It also allows better resolution of fine detail either at the subcellular level or between cells that are clustered or stacked upon each other as they are within a 3D structure. More accurate segmentation is often possible using a confocal image. In repeated experiments with spheroids, segmentation of nuclei from confocal images yielded counts ~20% higher than nuclei counted in widefield images (data not shown).

In order to analyze responses of cells throughout the 3D structure, images were collected starting at the bottom of the spheroid, proximal to the plate surface and then at different heights within the body of the spheroid up to the widest diameter to create a “stack” of images. That stack of images was then combined or “collapsed” into a single 2D projection image using a mathematical algorithm which keeps the pixels with the brightest intensity in the stack to generate the projection (Figure 1). The individual z-planes were also saved for 3D analysis.

Figure 1. (Left) A stack of confocal images was acquired in the z plane spanning roughly half the depth of the spheroid. (Right) Only some cells of the spheroid are in focus at any given plane so, for ease of analysis, the images were collapsed into a single 2D image to combine the in-focus areas.

In the present study, 3D analysis of the images was done using new, integrated features of MetaXpress® High-Content Image Acquisition and Analysis Software. The new features in the software converts a stack of 2D images obtained using confocal acquisition into a 3D space with the appropriate detection and segmentation of objects in the volume.

Individual z-planes are first segmented and analyzed as 2D images, e.g. for nuclei count, live-dead, scoring, or other type of analysis, then the objects are “connected by best match” with the user-defined parameters such as maximum displacement of each object. As a result, nuclei or individual cells are segmented and scored in the 3D volume (Figure 2).

Figure 2. Segmentation masks showing identification of spheroids in teal and live nuclei in red. (Left) Control spheroid with numerous live cells identified. (Right) Spheroid treated with 300 nM Mitomycin C shows a decreased number of live cells and a reduced spheroid size.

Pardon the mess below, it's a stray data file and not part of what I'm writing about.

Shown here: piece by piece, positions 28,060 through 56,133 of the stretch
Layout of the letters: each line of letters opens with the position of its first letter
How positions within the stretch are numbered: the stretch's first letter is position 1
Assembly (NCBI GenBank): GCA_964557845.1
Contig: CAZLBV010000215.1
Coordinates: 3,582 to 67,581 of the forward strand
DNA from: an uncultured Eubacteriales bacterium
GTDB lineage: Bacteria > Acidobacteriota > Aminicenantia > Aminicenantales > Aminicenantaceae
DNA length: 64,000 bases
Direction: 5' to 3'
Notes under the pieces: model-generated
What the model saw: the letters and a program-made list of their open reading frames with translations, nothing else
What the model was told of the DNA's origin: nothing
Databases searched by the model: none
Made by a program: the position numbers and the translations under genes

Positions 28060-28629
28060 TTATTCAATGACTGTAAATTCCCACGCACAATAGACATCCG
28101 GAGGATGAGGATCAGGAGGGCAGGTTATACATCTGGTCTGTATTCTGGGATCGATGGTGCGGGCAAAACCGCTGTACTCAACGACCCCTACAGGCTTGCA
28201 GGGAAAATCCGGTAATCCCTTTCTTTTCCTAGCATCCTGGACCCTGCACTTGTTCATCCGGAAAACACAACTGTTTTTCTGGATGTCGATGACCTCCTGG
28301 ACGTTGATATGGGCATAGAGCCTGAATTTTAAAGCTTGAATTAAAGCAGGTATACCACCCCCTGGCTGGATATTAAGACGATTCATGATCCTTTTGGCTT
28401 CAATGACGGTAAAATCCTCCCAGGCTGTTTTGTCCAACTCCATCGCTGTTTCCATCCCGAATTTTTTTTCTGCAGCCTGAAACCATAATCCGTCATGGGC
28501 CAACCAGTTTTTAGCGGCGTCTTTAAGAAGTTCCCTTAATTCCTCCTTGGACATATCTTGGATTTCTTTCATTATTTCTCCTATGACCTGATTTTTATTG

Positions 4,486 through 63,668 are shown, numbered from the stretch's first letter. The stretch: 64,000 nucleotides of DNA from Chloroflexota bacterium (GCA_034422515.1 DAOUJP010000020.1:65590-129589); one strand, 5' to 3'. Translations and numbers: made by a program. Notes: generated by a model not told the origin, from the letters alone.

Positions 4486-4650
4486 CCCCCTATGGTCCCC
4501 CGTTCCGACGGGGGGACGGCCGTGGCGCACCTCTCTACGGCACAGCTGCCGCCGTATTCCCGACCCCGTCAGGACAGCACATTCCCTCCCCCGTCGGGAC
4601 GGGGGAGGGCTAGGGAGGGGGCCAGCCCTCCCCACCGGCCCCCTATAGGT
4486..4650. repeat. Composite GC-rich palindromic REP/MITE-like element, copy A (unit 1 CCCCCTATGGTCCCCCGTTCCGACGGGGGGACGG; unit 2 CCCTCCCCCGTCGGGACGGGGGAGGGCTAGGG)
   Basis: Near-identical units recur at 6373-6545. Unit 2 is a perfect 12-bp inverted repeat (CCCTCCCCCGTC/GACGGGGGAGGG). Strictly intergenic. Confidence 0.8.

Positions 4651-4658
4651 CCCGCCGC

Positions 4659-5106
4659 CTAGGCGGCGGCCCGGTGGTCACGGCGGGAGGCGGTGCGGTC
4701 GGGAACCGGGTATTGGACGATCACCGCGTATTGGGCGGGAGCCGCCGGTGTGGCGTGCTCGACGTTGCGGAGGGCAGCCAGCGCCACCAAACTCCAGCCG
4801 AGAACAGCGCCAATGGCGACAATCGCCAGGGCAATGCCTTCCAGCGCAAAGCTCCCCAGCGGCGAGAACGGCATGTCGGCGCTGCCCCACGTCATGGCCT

Screening Anticancer Drugs with an Apoptosis Assay

One class of anticancer drugs targets the extrinsic pathway of apoptosis to trigger cell death. To demonstrate an assay for apoptosis, HCT116 spheroids cultured in 96-well plates for 3 days were treated with a dilution series of 4 different anticancer compounds for 24–48 hours. After the compound treatment was completed, apoptosis was detected using both a detection reagent sensitive to caspase-3/7 as well as a mitochondrial dye. A 4x cocktail of the combined stains, including Hoechst nuclear stain, was added to the media in the wells. An optimized one-step staining protocol, which does not require fixing cells or repeated washes, was used to maintain spheroid integrity (Figure 3).

Figure 3. (Top) Montage of image thumbnails of HCT116 spheroids in a 96-well plate treated with compounds and imaged with a 10x Plan Fluor objective. Hoechst stained nuclei (blue) are overlaid with CellEvent Caspase 3/7 apoptosis marker (green). Untreated controls are in column 4 and a Caspase 3/7 response is evident in columns 5–7 where Paclitaxel was serially diluted 1:3 from 1 uM in Row A (replicates of 3 across). (Left) Eleven z planes were combined into a 2D Maximum Projection image and analyzed with a simple custom module. Raw images showing low and high degree of apoptosis with their corresponding segmentation masks are shown (royal blue=nuclei, pink=apoptotic cells). (Right) By normalizing the amount of apoptosis as compared to untreated spheroids and plotting on a graph, it can be seen that Paclitaxel (green line) induces apoptosis at a much lower concentration than Etoposide.

Rapidly Screen 3D Spheroids in Microplates

The ability to use human cancer cell spheroids in a high-throughput, high-content imaging environment is a significant step in facilitating more relevant testing of chemotherapeutic drug candidates. The ImageXpress Micro Confocal system and MetaXpress software allows for rapid imaging and analysis of 3D spheroids in microplates for monitoring induced apoptosis and mitochondrial toxicity of anticancer drugs. 

Jayne Hesley ([email protected]) is an imaging applications scientist and Oksana Sirenko, Ph.D., is a research scientist, R&D, at Molecular Devices.

For additional information on optimizing acquisition parameters of these spheroid screening assays, refer to the paper:

Sirenko O., Mitlo T., Hesley J.,  et al. High-Content Assays for Characterizing the Viability and Morphology of 3D Cancer Spheroid Cultures. Assay and Drug Dev. Technol. 2015;13:402–414.